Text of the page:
May 7, 2016, 2:43 am
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1 Philippine Peso = 0.07796 UAE Dirham
1 Philippine Peso = 2.56735 Albanian Lek
1 Philippine Peso = 0.03799 Neth Antilles Guilder
1 Philippine Peso = 0.30162 Argentine Peso
1 Philippine Peso = 0.02886 Australian Dollar
1 Philippine Peso = 0.03799 Aruba Florin
1 Philippine Peso = 0.04245 Barbados Dollar
1 Philippine Peso = 1.66365 Bangladesh Taka
1 Philippine Peso = 0.03644 Bulgarian Lev
1 Philippine Peso = 0.008 Bahraini Dinar
1 Philippine Peso = 33.32307 Burundi Franc
1 Philippine Peso = 0.02122 Bermuda Dollar
1 Philippine Peso = 0.02888 Brunei Dollar
1 Philippine Peso = 0.14656 Bolivian Boliviano
1 Philippine Peso = 0.07436 Brazilian Real
1 Philippine Peso = 0.02122 Bahamian Dollar
1 Philippine Peso = 1.41326 Bhutan Ngultrum
1 Philippine Peso = 0.22422 Botswana Pula
1 Philippine Peso = 412.71795 Belarus Ruble
1 Philippine Peso = 0.04234 Belize Dollar
1 Philippine Peso = 0.02747 Canadian Dollar
1 Philippine Peso = 0.02064 Swiss Franc
1 Philippine Peso = 14.19298 Chilean Peso
1 Philippine Peso = 0.13803 Chinese Yuan
1 Philippine Peso = 62.78216 Colombian Peso
1 Philippine Peso = 11.38015 Costa Rica Colon
1 Philippine Peso = 0.02122 Cuban Peso
1 Philippine Peso = 2.04607 Cape Verde Escudo
1 Philippine Peso = 0.50359 Czech Koruna
1 Philippine Peso = 3.7601 Djibouti Franc
1 Philippine Peso = 0.13864 Danish Krone
1 Philippine Peso = 0.9669 Dominican Peso
1 Philippine Peso = 2.32062 Algerian Dinar
1 Philippine Peso = 0.29158 Estonian Kroon
1 Philippine Peso = 0.18854 Egyptian Pound
1 Philippine Peso = 0.4573 Ethiopian Birr
1 Philippine Peso = 0.01864 Euro
1 Philippine Peso = 0.0444 Fiji Dollar
1 Philippine Peso = 0.014 Falkland Islands Pound
1 Philippine Peso = 0.01472 British Pound
1 Philippine Peso = 0.08134 Ghanaian Cedi
1 Philippine Peso = 0.90439 Gambian Dalasi
1 Philippine Peso = 159.16119 Guinea Franc
1 Philippine Peso = 0.16344 Guatemala Quetzal
1 Philippine Peso = 4.39801 Guyana Dollar
1 Philippine Peso = 0.16471 Hong Kong Dollar
1 Philippine Peso = 0.4794 Honduras Lempira
1 Philippine Peso = 0.13979 Croatian Kuna
1 Philippine Peso = 1.31695 Haiti Gourde
1 Philippine Peso = 5.8516 Hungarian Forint
1 Philippine Peso = 283.2992 Indonesian Rupiah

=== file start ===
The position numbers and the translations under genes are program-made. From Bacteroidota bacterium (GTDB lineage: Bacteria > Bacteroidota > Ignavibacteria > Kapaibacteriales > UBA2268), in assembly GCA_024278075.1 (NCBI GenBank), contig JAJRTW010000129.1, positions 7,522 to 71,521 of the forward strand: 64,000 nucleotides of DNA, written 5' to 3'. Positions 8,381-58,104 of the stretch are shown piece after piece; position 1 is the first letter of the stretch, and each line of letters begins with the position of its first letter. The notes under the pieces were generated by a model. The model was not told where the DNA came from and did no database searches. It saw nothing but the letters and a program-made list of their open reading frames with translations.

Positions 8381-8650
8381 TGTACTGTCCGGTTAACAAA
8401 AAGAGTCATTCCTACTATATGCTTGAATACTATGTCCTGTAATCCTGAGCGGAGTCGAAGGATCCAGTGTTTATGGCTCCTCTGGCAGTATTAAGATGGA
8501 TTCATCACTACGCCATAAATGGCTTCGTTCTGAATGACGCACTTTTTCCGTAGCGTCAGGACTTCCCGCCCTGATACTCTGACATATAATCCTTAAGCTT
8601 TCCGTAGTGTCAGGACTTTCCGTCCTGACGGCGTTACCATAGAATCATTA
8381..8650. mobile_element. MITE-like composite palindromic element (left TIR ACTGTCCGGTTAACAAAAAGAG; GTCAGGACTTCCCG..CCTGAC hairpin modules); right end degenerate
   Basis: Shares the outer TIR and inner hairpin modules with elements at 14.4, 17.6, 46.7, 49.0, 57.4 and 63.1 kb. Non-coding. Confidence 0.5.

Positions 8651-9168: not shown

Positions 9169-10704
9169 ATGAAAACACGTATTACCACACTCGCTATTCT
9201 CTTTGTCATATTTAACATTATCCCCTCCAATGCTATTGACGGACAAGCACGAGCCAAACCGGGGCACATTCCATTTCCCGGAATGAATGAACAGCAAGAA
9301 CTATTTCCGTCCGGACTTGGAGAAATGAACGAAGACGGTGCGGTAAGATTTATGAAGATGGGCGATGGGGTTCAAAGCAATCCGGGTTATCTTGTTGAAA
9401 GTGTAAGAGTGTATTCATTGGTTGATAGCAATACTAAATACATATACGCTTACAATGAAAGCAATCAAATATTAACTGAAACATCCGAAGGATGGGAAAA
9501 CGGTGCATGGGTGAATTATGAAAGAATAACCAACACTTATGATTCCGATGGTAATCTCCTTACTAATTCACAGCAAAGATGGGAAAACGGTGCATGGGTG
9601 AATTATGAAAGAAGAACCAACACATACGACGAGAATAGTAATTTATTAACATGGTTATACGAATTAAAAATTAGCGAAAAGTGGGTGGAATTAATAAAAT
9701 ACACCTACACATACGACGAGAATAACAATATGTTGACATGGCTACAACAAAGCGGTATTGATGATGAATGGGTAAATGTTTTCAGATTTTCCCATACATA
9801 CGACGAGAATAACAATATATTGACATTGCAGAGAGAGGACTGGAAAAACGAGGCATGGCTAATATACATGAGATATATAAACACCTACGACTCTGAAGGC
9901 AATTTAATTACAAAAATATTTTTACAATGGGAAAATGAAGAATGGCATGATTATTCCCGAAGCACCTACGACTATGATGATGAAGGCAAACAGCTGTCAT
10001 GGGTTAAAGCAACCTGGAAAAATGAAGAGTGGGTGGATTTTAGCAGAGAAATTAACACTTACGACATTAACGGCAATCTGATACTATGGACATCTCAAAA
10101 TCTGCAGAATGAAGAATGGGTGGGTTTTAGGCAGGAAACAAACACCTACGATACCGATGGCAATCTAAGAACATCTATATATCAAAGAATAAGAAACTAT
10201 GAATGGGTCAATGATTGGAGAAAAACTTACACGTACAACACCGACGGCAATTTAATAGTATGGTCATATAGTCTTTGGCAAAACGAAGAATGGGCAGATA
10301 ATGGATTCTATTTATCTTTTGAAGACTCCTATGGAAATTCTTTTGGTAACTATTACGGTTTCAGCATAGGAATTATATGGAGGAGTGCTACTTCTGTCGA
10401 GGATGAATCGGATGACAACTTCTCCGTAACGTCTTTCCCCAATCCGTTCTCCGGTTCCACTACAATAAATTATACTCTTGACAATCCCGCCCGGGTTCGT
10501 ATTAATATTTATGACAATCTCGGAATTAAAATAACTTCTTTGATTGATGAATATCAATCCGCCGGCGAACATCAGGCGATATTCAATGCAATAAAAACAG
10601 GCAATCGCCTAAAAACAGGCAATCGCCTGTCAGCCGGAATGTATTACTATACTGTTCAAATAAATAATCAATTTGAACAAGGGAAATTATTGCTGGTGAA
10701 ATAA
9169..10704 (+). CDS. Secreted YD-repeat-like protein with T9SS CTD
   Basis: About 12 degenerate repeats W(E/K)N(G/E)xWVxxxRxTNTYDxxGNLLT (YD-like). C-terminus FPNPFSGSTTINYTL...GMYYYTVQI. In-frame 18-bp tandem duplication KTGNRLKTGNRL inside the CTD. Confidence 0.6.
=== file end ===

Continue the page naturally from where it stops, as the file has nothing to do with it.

1 Philippine Peso = 0.08038 Israeli Shekel
1 Philippine Peso = 1.41401 Indian Rupee
1 Philippine Peso = 23.49807 Iraqi Dinar
1 Philippine Peso = 643.68719 Iran Rial
1 Philippine Peso = 2.60153 Iceland Krona
1 Philippine Peso = 2.60132 Jamaican Dollar
1 Philippine Peso = 0.01503 Jordanian Dinar
1 Philippine Peso = 2.27361 Japanese Yen
1 Philippine Peso = 2.13086 Kenyan Shilling
1 Philippine Peso = 1.44879 Kyrgyzstan Som
1 Philippine Peso = 86.17199 Cambodia Riel
1 Philippine Peso = 9.15199 Comoros Franc
1 Philippine Peso = 19.1024 North Korean Won
1 Philippine Peso = 24.82983 Korean Won
1 Philippine Peso = 0.00637 Kuwaiti Dinar
1 Philippine Peso = 0.0174 Cayman Islands Dollar
1 Philippine Peso = 6.92154 Kazakhstan Tenge
1 Philippine Peso = 172.13279 Lao Kip
1 Philippine Peso = 32.00713 Lebanese Pound
1 Philippine Peso = 3.09565 Sri Lanka Rupee
1 Philippine Peso = 1.79711 Liberian Dollar
1 Philippine Peso = 0.31583 Lesotho Loti
1 Philippine Peso = 0.06471 Lithuanian Lita
1 Philippine Peso = 0.01317 Latvian Lat
1 Philippine Peso = 0.02886 Libyan Dinar
1 Philippine Peso = 0.20412 Moroccan Dirham
1 Philippine Peso = 0.41877 Moldovan Leu
1 Philippine Peso = 1.14583 Macedonian Denar
1 Philippine Peso = 24.8692 Myanmar Kyat
1 Philippine Peso = 42.85305 Mongolian Tugrik
1 Philippine Peso = 0.16964 Macau Pataca
1 Philippine Peso = 7.32259 Mauritania Ougulya
1 Philippine Peso = 0.74457 Mauritius Rupee
1 Philippine Peso = 0.32623 Maldives Rufiyaa
1 Philippine Peso = 14.58988 Malawi Kwacha
1 Philippine Peso = 0.37914 Mexican Peso
1 Philippine Peso = 0.08488 Malaysian Ringgit